in philosophy •  last year

Traditionalism, Modernism, and Postmodernism: which will win out in the end?

"Sunlight is the best disinfectant." - Louis Brandeis. It will cleanse all bad ideas from our society. Image from Pixabay.

Patrick Lee Miller just published this important article on Quillette.com: The Impasse Between Modernism and Postmodernism, Part I. Part II is due out tomorrow.

Traditionalists... "do not like the direction in which modernity is headed, and so are looking to go back to an earlier time when they believe society was better." - Michael Aaron

Miller argues that traditionalists, however, are not a part of the academic discourse, where he believes the most important conversations about the future are occurring. The war of ideals, then, is between modernists and postmodernists.

"Postmodernists eschew any notion of objectivity, perceiving knowledge as a construct of power differentials." - Michael Aaron

Modernism, then, is rationality and objectivity, seemingly the clear winner of the three worldviews. But, Miller cautions, just because we assume both traditionalism and postmodernism have been "soundly eliminated" in academia, this does not mean modernism is the panacea.

Miller goes on to critique modernism, generally invoking the fact that many of its proponents (Jefferson, Kant, Locke, Voltaire, Hume) were racist and/or justified slavery. However, empirical skepticism discredited "scientific" racism, and thus:

With merit, scientists thus take pride in their rationality. However irrational they may be at times, especially when they speak outside their specialties, when they speak within them nowadays, they put aside their feelings, identities, and private ambitions to be objective, dispassionate, rational. Or so they feel.

There are a lot of problems with scientism, see, The Unbearable Asymmetry of B*******, another Quillette article, this time by Brian Earp. In this article, Earp outlines how the scientific method is misused, abused, and wholly biased. However, this does not discredit the scientific method itself, in my estimation. A tool misused by someone is not inherently a bad tool. Miller goes on to talk about confirmation bias, which is people seeking to *credit/ their beliefs and preconceived notions, not discredit them,antithetical to the scientific method. Julia Galef calls this the Warrior Mindset, specifically, only seeking out or seeing facts or anecdotes that confirm your biases. Her Scout Mindset is analogous to the scientific method first proposed by Karl Popper (Empirical Falsification, that we can only ever disprove things, we can never prove them). To Julia Galef, the scout seeks true knowledge, that is, what actually exists, as opposed to what we want to see. So if you're a warrior, you only see or seek evidence that supports your stance for or against GMOs, but if you're a scout, you only seek or see the evidence that exists, whether it's for or against GMOs. For a real-world Warrior Mindset example, see Stephen Crowder's "Change My Mind" YouTube videos, in which he asks other people to change his mind but is actually trying to change their minds.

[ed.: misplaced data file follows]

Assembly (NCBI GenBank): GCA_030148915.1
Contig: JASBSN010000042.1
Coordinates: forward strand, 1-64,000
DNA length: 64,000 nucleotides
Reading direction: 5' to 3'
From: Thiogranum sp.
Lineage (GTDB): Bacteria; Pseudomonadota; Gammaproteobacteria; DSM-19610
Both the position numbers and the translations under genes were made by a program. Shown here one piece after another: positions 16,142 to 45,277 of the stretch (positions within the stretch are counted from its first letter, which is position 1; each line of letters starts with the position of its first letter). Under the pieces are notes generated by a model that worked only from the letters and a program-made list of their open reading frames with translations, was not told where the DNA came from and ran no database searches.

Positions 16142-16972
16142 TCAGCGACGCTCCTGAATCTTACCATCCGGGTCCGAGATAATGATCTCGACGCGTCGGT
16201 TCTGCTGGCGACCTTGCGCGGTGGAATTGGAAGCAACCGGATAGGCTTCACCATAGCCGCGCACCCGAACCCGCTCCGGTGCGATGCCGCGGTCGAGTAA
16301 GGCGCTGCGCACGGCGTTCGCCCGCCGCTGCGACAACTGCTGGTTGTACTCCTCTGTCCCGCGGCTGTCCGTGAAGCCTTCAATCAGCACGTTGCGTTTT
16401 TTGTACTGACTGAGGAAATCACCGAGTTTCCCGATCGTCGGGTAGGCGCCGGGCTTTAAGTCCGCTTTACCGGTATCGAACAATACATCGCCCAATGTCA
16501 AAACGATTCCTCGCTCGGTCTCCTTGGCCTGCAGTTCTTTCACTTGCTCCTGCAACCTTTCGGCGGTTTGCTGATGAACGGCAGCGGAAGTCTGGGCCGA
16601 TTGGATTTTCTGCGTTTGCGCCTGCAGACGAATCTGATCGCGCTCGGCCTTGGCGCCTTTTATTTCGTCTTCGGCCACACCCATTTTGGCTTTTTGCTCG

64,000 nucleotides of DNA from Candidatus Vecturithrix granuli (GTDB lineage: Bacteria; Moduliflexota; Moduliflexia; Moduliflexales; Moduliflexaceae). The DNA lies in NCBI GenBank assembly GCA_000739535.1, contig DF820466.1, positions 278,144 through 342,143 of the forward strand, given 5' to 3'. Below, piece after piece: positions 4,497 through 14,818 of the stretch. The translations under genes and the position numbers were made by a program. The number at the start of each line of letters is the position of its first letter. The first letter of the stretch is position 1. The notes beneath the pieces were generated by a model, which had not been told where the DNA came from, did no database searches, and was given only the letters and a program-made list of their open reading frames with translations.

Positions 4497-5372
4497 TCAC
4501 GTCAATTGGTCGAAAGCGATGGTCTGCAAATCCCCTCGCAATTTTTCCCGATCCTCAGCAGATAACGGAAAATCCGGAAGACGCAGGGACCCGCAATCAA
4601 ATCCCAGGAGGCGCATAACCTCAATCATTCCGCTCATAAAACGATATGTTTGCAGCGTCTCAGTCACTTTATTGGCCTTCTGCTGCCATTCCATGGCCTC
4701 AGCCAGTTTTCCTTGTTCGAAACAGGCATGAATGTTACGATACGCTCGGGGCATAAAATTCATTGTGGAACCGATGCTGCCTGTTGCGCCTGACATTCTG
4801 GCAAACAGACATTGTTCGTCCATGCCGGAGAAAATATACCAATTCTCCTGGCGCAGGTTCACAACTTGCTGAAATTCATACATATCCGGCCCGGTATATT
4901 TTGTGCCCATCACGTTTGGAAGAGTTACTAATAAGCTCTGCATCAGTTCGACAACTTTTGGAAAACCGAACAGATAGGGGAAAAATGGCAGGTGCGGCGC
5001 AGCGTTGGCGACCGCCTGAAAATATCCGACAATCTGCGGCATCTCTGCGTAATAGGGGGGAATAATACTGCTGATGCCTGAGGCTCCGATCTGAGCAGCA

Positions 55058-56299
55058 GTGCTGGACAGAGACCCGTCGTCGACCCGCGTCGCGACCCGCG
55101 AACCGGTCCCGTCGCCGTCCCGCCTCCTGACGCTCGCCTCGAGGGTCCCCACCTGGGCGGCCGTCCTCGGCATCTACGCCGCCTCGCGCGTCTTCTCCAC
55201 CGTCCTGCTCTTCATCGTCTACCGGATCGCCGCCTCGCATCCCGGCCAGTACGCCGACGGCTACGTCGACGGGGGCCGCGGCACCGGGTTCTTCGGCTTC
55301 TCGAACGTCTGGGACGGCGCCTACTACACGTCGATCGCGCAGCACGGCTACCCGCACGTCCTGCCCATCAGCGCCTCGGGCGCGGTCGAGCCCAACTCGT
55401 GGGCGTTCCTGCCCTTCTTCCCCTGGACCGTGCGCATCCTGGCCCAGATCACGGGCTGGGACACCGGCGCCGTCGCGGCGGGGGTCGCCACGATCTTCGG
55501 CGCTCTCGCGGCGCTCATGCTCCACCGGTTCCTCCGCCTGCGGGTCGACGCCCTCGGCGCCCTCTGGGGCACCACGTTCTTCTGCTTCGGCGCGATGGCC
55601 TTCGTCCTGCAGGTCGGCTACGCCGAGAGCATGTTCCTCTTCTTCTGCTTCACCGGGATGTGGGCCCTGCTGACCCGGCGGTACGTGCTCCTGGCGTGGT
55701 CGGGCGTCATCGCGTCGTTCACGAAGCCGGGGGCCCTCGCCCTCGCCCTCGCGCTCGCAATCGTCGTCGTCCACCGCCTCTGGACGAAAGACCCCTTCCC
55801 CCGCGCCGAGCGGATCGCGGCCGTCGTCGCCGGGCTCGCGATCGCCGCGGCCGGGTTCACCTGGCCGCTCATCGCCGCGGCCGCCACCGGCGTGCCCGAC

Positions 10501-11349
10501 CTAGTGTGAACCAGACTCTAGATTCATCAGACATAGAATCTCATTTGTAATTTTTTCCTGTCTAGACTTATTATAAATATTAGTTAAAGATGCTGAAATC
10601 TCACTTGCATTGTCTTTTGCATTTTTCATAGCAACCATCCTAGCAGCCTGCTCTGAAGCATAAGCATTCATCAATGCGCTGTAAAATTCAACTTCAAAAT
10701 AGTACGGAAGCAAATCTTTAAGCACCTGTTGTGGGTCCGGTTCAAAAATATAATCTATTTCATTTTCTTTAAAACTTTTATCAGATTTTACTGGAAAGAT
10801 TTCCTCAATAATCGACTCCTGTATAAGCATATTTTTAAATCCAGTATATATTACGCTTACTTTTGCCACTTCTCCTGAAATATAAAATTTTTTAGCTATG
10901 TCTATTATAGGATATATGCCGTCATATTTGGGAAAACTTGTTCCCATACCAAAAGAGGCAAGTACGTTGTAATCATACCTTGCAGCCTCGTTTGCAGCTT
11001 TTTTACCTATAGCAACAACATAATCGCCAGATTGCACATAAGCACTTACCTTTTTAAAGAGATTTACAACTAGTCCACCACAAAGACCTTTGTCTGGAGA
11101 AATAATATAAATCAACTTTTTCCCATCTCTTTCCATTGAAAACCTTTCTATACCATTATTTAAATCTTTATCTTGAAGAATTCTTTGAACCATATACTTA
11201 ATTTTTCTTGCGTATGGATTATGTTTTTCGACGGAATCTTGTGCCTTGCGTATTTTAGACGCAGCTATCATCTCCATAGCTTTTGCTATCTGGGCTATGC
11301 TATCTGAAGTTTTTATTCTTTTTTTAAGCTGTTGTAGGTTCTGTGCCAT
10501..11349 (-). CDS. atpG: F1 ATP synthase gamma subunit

Miller goes on to give the evolutionary benefits of "tribalism" or confirmation bias over rationality. Convincing others to follow along with your ideas meant that the group would stay together and move to a new hunting ground because the old one was depleted, for example. The postmodernists got something a little right; we perform tribalism and argue "rationally" for tribalism (by providing evidence that the old hunting ground is depleted: no one has killed anything in weeks) "in order to secure status and power." Of course, the postmodernists are immoderate and take their claims to far. Consider this anecdote:

I was in a literature class, and my professor claimed dentists were masochists (I think she meant sadists, and even then, I'm not sure she meant it with a sexual connotation). When I asked what on Earth she meant, she "rationalized" it by saying going to the dentist hurt, therefore they must be masochists (again, I believe she meant sadist). Although this was years ago and time has no doubt clouded my memory, I still don't know what her point was, and I still don't think dentists enjoy inflicting pain on others.

So, in the quest for power, people and the proponents of all three of these worldviews commit hypocrisy, acknowledging only the benefits of their ideas and the ills of the other worldviews, without acknowledging the ills of their own ideas and the benefits of others. This reminds me of this maxim:

ONLY A SITH DEALS IN ABSOLUTES, which is of course itself an absolute (hence the word "only"), but is still instructive. If you hear someone say "My worldview has no flaws and your worldview has no benefits" they are committing all sorts of logical fallacies, from confirmation (or myside) bias to the Sith fallacy.